October 30: You never step into the same river once. Hello. “What elsewhere can there be to this infinite here?” Samuel Beckett asks. Not be pushed around by this or that, but rather gently cajoled. What’s all this content? Do we get an occult trapdoor? Dailyness follows the thin-necked lady by the Seine, in the glooms of Notre Dame.
November 1: Take an object’s thereness to heart, being with/in the world today. To realize each thing’s uniqueness while registering our collective predicament is radical. I imagine Norma Cole’s love language. Very Wittgenstein.
Without you, bird-on-coaster, what am I? Funny in general. How especially pleased I am by daily interaction unnoticed pre-pandemic, our relative solitudes. Mind and matter, as ever together. To animate the inanimate keeps you and me alert. Togetherness is human, social, no, universal, cosmic. Relief to be knit with you, surrounded by our memory-makers, memory-containers. A little clock falls on my head as I sleep I realize its metaphysical power.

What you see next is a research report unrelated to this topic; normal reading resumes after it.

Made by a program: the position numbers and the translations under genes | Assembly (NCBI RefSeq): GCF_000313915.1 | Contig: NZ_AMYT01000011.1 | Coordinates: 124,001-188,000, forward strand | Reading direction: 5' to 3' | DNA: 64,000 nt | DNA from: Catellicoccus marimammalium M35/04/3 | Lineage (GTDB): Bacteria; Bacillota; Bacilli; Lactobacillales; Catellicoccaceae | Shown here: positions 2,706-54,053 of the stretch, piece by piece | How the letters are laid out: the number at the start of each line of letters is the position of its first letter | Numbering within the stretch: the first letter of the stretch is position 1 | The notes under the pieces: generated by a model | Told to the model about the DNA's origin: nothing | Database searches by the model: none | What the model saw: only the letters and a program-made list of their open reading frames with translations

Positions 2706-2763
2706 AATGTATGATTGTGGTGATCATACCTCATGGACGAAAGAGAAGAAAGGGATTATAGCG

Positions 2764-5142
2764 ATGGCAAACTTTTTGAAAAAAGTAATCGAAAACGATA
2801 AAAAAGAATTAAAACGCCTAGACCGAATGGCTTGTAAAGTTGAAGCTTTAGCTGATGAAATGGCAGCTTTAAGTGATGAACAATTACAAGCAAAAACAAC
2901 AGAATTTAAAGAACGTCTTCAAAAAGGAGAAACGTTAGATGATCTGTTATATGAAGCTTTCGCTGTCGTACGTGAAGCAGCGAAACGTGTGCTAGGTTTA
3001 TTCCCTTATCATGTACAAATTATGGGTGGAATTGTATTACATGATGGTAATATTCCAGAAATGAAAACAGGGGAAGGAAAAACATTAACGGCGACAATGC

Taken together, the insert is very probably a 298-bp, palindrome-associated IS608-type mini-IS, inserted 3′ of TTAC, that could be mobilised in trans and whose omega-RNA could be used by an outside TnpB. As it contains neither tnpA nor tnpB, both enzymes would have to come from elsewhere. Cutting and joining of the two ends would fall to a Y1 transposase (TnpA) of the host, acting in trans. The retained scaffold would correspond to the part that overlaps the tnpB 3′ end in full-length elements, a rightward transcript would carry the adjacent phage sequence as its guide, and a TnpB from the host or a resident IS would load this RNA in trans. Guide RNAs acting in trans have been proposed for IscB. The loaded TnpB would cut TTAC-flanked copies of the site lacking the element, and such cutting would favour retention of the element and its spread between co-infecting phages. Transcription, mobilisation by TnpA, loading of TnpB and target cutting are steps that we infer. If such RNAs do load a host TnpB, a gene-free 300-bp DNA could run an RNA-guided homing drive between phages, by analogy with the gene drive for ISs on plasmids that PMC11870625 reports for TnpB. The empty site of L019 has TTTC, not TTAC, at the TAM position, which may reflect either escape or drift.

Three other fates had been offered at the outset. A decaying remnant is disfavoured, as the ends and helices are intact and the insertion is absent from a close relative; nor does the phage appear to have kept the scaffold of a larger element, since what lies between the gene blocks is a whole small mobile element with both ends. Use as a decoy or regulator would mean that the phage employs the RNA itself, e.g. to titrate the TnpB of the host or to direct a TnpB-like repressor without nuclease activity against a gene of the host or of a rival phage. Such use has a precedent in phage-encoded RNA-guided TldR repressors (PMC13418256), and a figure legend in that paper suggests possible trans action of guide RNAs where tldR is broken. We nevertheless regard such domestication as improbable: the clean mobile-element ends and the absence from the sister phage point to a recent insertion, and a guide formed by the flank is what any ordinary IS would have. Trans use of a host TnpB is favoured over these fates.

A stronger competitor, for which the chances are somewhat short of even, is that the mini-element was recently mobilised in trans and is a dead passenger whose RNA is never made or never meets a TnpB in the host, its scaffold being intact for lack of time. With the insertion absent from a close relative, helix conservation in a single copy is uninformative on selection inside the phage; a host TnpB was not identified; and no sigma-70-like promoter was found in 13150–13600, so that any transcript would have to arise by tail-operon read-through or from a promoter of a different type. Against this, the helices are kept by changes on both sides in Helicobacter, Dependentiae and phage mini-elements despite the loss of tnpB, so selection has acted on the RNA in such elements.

Bill Berkson reminds: “The priest in the pit says ‘Everyday life is hell’” (Start Over). Yes, but the drawing changes this, makes it partial. I bounce a ball along symbols, considering relation. Receptive to what may come, one is impartial, all here. Holding to certainty of anything breeds protection, defense, of what?
November 8: Stoned Bernadette Mayer epiphany: a poem or drawing needn’t be “informative” but true, requiring neither trust nor belief. The drawing urging justice for murdered Black people, is surely now as Bill’s Hat, remembrance of a whole history, what is radical about love.
November 11: Ali Smith reminds: “Simultaneity doesn’t just conjure a constant present or confirm a continual, always colourful state against all the odds—it also gestures toward cancelling the timeline altogether.”
November 14: My heart’s heavy, Norma Cole. Your drawings are light, I emerge different.
Norma Cole — Drawings is available from Further Other Book Works.